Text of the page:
If children cannot be looked after by their own family, they must be looked after properly, by people who respect their religion, culture and language.
Governments should make sure that alternative care is available for children.
Article 20 of the UNCRC says that children and young people have the right to special protection and help if they can’t live with their family. In many cases, this will involve going into care.
Human rights when you’re in care
Children and young people have the right to go into care, and to have their rights respected when they are there. There should be independent checks to make sure that their rights are respected, especially if they are disabled or a refugee.
The opinions of children and young people in care should be listened to and taken seriously. They must have the freedom to do things they want to do and be able to grow up safely and happily.
The Children and Young People’s Commissioner Scotland is one of many organisations and individuals who are corporate parents.
A corporate parent is the name given to an organisation or person who has special responsibilities to care experienced children and young people. This may include:
- those in residential care,
- those in foster care,
- those in kinship care, who live with a family member other than a parent, and
- those who are looked after at home.
In simple terms, a corporate parent is intended to carry out many of the roles a loving parent should. While they may not be able to provide everything a parent can, but they should still be able to provide the children and young people they’re responsible for with the best possible support and care.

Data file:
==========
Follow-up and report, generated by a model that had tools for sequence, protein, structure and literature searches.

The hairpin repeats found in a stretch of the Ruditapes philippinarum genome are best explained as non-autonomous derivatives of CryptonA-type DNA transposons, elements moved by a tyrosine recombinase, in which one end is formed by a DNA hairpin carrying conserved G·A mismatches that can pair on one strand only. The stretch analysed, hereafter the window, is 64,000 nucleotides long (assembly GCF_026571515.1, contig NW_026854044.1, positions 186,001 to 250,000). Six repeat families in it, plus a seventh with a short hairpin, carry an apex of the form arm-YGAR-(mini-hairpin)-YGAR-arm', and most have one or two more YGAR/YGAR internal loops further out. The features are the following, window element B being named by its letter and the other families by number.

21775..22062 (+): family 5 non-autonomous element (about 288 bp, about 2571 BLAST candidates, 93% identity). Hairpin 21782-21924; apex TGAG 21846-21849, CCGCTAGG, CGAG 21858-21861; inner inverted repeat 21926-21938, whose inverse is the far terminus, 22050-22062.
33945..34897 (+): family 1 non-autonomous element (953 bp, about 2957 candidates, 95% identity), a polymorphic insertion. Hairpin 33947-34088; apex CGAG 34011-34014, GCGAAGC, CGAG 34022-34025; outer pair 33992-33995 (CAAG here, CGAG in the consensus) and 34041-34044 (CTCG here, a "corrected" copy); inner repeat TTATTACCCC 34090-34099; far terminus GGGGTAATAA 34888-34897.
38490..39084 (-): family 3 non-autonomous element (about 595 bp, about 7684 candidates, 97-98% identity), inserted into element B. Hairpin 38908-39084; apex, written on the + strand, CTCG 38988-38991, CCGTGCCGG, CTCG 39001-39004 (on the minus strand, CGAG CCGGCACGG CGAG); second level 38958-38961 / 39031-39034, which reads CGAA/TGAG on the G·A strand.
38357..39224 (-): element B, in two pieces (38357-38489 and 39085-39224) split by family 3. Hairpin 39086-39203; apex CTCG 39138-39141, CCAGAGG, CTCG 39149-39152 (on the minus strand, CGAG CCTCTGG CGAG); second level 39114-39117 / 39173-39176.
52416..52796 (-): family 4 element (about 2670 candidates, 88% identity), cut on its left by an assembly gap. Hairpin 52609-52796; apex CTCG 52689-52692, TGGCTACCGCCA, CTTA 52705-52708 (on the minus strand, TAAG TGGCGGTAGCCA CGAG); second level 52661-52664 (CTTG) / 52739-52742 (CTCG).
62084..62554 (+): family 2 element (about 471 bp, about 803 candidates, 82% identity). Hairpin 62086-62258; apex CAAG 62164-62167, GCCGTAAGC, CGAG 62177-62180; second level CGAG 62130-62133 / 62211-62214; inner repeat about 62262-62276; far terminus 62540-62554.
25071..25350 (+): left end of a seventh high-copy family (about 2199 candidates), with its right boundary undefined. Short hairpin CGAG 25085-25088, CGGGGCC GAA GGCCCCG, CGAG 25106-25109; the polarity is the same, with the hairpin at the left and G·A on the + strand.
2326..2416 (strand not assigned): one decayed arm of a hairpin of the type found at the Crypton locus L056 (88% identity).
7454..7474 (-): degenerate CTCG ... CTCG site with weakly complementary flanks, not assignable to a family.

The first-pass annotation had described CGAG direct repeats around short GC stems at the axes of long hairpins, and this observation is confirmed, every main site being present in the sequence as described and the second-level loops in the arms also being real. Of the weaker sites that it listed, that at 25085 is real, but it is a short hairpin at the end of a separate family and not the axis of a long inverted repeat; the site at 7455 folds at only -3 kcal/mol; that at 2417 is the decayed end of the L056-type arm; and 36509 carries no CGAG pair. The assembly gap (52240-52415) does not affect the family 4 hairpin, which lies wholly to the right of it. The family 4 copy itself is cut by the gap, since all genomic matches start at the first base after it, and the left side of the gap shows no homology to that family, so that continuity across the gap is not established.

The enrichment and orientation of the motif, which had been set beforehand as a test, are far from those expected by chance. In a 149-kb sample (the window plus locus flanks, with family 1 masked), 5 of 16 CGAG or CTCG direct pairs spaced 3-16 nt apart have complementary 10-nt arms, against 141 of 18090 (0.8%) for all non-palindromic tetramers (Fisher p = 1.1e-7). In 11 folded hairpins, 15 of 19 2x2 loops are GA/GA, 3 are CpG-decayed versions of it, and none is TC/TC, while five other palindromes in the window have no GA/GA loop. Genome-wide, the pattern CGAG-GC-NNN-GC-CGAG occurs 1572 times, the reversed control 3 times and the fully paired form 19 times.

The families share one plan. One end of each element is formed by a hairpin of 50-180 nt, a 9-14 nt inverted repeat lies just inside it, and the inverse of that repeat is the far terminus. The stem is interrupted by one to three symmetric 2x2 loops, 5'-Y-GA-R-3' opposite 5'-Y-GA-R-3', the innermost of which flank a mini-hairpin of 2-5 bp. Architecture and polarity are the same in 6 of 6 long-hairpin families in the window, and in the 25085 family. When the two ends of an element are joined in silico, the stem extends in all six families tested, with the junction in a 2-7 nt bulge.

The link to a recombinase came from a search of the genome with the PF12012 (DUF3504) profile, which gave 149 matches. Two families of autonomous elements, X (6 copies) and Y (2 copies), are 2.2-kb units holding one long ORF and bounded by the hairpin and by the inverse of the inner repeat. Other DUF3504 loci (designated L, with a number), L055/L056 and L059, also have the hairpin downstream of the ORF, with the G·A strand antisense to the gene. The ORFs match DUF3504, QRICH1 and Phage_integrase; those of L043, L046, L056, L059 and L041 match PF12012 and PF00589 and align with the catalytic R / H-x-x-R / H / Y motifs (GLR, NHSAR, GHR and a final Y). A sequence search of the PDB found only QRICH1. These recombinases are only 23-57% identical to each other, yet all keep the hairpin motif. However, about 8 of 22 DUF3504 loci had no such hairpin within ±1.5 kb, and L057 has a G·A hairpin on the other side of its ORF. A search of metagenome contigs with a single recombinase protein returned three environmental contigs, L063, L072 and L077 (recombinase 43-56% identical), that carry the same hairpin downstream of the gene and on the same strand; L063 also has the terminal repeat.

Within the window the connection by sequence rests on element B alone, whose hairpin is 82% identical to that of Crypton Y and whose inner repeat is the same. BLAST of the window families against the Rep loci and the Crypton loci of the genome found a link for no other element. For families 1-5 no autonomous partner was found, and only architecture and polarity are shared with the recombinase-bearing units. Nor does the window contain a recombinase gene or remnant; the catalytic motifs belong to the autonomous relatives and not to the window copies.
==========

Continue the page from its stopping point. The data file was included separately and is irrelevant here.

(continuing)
Corporate parent responsibilities are intended to encourage people and organisations to do as much as they can towards improving the lives of care experienced and looked after children, so that they:
- feel in control of their lives, and
- are able to overcome the barriers they face
Part 9 of the Children and Young People (Scotland) Act 2014 puts the concept of corporate parenting into Scots law. It makes it so:
- there are certain things corporate parents have to do by law for the children and young people they’re responsible for,
- corporate parents have to report to Scottish Ministers on how they’re carrying out their responsibilities.
How a corporate parent’s performance is reviewed
Corporate parents must report to Scottish Ministers on how they’re carrying out their responsibilities, and must follow the guidance that Ministers issue on how to carry out their duties. Ministers have to report every 3 years on how well corporate parenting is working in Scotland.
WhoCares? Scotland helps ensure looked after and care experienced children and young people’s voices are heard, offering advocacy support across most local authority areas.
You can find information about whether a care service is registered and how to complain on the Care Inspectorate website.
Citizen’s Advice Bureau Scotland provides comprehensive information on their website and advice in their offices or on the free confidential Kinship Care helpline (tel. 0808 800 0006).
Children1st also operate a kinship care service and helpline (tel. 08000 28 22 33).
More in the Rights questions and answers section
The UN Committee on the Rights of the Child facilitates Days of General Discussion (DGD) where experts from around the world can discuss a child rights issue in detail. The reports of their discussions are a helpful tool to understand how the UNCRC should be interpreted.
In 2021 the Day of General Discussion was on children’s rights and alternative care. Held online due to the coronavirus pandemic, the Committee and delegates reviewed progress for children’s rights in alternative care, identified examples of good practice and examined the current challenges. The final recommendations were informed by views and experiences from care experienced children and young people. This outcome report summarises the discussions and recommendations from the day.
2005’s Day of General Discussion on children without parental care is relevant to Article 20.